Seasonal siesta.

Trip Start Oct 06, 2004
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Flag of Uruguay  ,
Friday, June 17, 2005

So I am here in Uruguay now, my 12th country so far on this trip. Uruguay, supposedly one of the safest and most laid-back countries in Latin America. For some reason they call it the Switzerland of South America, although I am not sure exactly why. It's pretty cheap here (at least at the moment), and I don't really believe they have the mountains and lakes of their so-called European twin. Maybe it's because it used to be quite expensive, or possibly because it has a very European feel to it, with an 88% white population. Very different from most other Latin American countries, where they typically have a much higher percentage of mestizo (mixed Spanish and indigenous blood) and indigenous people.

I have landed myself in Colonia del Sacramento, after an one hour catamaran (or flying boat) ride across from Buenos Aires. Colonia is a pleasant and photogenic old Portugese smuggler port, along Rio de la Plata, with cobblestoned streets as well as historical buildings and churches. Hence it is also one of Uruguay's star attractions (the country doesn't really have many natural attractions, and are more famous for their friendly people, beaches and cities, like fashion and party capital Punta del Este). The old city attracts quite a few tourists, typically coming on short visits from Buenos Aires or Montevideo. While Western tourists are usually backpackers (although the country is not really on the backpacker radar, ...at least not yet) or people on "big city vacations" who wants to escape Buenos Aires for a day or two.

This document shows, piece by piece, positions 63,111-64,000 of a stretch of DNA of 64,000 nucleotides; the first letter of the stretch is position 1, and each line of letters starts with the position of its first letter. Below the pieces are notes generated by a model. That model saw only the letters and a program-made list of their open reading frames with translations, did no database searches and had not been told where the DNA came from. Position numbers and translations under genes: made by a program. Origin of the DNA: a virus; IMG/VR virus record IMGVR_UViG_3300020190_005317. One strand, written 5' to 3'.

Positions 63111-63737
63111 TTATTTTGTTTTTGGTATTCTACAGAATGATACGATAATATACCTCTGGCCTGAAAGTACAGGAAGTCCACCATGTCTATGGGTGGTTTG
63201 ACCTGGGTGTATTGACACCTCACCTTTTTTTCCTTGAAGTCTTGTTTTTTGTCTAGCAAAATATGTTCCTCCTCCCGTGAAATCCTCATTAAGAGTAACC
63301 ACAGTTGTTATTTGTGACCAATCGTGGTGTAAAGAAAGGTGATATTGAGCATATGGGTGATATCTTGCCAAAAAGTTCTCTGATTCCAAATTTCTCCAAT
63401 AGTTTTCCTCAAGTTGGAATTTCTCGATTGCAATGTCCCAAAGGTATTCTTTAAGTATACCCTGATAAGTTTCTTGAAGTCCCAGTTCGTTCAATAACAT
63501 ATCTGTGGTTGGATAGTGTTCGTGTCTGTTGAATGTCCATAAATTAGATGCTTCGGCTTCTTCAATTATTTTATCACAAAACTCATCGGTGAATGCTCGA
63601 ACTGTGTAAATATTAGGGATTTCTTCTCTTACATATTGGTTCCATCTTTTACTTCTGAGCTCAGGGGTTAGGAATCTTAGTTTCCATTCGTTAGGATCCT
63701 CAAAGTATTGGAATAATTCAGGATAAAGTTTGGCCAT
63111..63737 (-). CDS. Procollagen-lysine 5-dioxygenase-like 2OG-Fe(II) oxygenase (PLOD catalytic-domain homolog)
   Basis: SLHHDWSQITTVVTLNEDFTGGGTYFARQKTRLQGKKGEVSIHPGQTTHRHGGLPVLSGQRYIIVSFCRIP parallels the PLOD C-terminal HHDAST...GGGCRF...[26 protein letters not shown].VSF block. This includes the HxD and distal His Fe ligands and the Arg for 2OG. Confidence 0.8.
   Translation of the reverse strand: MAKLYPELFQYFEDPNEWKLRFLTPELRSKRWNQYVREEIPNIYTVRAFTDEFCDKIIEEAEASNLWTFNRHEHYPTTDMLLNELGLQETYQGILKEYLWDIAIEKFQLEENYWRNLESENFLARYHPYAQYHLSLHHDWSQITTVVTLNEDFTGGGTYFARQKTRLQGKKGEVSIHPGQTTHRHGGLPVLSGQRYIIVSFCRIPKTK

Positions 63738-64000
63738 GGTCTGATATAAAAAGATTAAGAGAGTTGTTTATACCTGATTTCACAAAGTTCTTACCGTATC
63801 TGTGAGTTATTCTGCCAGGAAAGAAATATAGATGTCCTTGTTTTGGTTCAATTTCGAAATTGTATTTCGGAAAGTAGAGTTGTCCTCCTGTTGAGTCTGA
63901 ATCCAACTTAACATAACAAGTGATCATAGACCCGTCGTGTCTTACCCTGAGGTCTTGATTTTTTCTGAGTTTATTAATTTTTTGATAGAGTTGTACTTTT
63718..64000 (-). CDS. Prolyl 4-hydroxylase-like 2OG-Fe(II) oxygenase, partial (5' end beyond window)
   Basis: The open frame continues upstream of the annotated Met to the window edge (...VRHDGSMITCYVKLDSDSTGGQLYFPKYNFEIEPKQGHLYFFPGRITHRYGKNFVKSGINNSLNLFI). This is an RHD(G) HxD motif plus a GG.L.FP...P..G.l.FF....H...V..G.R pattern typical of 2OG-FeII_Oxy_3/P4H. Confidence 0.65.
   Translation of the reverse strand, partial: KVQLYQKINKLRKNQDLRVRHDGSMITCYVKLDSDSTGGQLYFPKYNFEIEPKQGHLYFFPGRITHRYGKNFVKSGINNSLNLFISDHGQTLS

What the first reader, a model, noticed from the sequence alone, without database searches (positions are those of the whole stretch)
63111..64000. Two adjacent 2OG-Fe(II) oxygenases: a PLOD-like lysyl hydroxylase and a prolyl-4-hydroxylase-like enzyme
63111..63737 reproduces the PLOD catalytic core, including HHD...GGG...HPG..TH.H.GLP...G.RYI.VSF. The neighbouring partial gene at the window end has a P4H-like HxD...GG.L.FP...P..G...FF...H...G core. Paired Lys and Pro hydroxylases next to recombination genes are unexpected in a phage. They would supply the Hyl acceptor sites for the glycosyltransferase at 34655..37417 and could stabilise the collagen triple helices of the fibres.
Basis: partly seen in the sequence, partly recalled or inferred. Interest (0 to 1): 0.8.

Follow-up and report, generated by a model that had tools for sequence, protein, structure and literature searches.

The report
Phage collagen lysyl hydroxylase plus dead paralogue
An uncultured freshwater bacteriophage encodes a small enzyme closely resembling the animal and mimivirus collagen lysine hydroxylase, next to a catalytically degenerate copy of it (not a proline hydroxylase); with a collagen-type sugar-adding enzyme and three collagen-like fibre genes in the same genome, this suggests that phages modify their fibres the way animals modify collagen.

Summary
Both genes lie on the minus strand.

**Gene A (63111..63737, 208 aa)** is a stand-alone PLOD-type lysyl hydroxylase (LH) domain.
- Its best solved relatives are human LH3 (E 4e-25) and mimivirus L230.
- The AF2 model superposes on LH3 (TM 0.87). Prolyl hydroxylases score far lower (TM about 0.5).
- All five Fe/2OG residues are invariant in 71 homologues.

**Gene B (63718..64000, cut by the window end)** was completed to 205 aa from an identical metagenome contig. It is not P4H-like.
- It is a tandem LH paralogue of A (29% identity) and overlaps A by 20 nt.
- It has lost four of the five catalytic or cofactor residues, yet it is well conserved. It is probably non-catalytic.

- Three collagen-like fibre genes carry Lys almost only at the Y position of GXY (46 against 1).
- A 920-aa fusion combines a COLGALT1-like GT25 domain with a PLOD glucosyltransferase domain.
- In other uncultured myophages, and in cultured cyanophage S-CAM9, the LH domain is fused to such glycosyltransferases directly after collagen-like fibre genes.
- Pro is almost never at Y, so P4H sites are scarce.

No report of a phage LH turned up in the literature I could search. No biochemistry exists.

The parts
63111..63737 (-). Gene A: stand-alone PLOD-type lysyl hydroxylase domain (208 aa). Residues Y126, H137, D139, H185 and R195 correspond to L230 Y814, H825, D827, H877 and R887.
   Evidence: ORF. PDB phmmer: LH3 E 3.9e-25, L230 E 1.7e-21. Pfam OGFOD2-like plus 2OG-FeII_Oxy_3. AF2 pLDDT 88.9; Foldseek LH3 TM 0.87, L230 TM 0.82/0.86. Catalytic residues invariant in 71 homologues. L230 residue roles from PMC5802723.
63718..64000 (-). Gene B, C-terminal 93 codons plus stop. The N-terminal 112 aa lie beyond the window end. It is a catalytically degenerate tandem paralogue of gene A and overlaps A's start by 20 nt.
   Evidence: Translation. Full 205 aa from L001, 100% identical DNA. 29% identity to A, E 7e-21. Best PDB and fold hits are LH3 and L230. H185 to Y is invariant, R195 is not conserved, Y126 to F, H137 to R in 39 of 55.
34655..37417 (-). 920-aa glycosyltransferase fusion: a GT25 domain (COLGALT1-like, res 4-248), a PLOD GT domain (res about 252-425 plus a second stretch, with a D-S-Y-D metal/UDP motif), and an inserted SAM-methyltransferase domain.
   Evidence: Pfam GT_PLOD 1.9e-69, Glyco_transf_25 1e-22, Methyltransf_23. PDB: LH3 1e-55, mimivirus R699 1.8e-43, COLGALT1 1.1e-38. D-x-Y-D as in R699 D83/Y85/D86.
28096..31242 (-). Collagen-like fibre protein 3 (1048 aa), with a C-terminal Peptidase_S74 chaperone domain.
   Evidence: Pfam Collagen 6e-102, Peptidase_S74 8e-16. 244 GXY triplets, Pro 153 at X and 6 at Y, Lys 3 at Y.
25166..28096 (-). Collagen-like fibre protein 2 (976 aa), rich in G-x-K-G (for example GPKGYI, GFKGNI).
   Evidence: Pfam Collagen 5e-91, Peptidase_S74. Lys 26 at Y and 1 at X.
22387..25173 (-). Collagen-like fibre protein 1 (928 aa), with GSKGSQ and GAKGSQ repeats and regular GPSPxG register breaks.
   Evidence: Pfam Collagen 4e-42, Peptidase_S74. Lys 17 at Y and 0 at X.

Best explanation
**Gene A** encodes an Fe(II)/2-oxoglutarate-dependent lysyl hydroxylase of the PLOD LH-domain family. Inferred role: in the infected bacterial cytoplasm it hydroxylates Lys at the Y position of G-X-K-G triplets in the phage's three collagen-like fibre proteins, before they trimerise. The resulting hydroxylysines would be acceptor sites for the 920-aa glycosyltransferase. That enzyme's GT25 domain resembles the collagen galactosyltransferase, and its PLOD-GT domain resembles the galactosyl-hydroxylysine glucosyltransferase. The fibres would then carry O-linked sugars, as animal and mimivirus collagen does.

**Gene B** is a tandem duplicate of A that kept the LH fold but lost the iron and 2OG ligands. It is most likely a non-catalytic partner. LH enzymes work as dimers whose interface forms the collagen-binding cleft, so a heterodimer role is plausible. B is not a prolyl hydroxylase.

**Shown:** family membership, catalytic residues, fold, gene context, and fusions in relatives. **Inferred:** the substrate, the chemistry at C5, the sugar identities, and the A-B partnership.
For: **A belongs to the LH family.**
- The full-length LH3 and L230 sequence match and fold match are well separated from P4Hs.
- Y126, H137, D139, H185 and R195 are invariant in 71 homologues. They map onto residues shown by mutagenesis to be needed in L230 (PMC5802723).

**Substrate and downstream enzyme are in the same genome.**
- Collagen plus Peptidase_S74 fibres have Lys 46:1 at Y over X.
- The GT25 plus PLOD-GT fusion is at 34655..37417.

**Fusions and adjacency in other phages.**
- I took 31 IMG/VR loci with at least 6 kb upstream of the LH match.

While walking around the old historical part of town, I decide I quite like it. It's really quiet, but I can see that the place got "Kodak moment" potential. I am clearly here in the low season, and although I am only one hour away from the bustling metropolis of Buenos Aires, it feels more like I'm on a different planet. There's hardly a soul around, and I wonder if the whole city is on a daily, if not a seasonal siesta. I am sure you could walk around blindfolded for hours, up and down cobblestoned streets, crossing leafy avenues, without once having to worry about bumping into another person or being run over by a vehicle. It's a reverse culture shock from Buenos Aires, and although I could really do with a rest after all the partying lately, I almost immediately decide to just stay one night. I said I quite liked the place, but I am travelling here on my own, and don't want to get bored beyond recognition. Although it's tempting to stay until Sunday or Monday to see if it could possibly get even quieter.

So my only worry for now, is to try and change a 1000 Pesos bill (about US 42$) so I'm able to buy something to drink. If you have been travelling around Latin America, you know what a challenge it usually is to break a big bill into smaller notes. You have to use every opportunity you got, so you later on are able to pay for a taxi, bus or shop from a street vendor or corner store. Because those guys will typically always not have any change, or at least claim they don't have any. So it's a custom of mine now, to always use a big bill when I'm paying for a hotel, a trip or for example an expensive meal.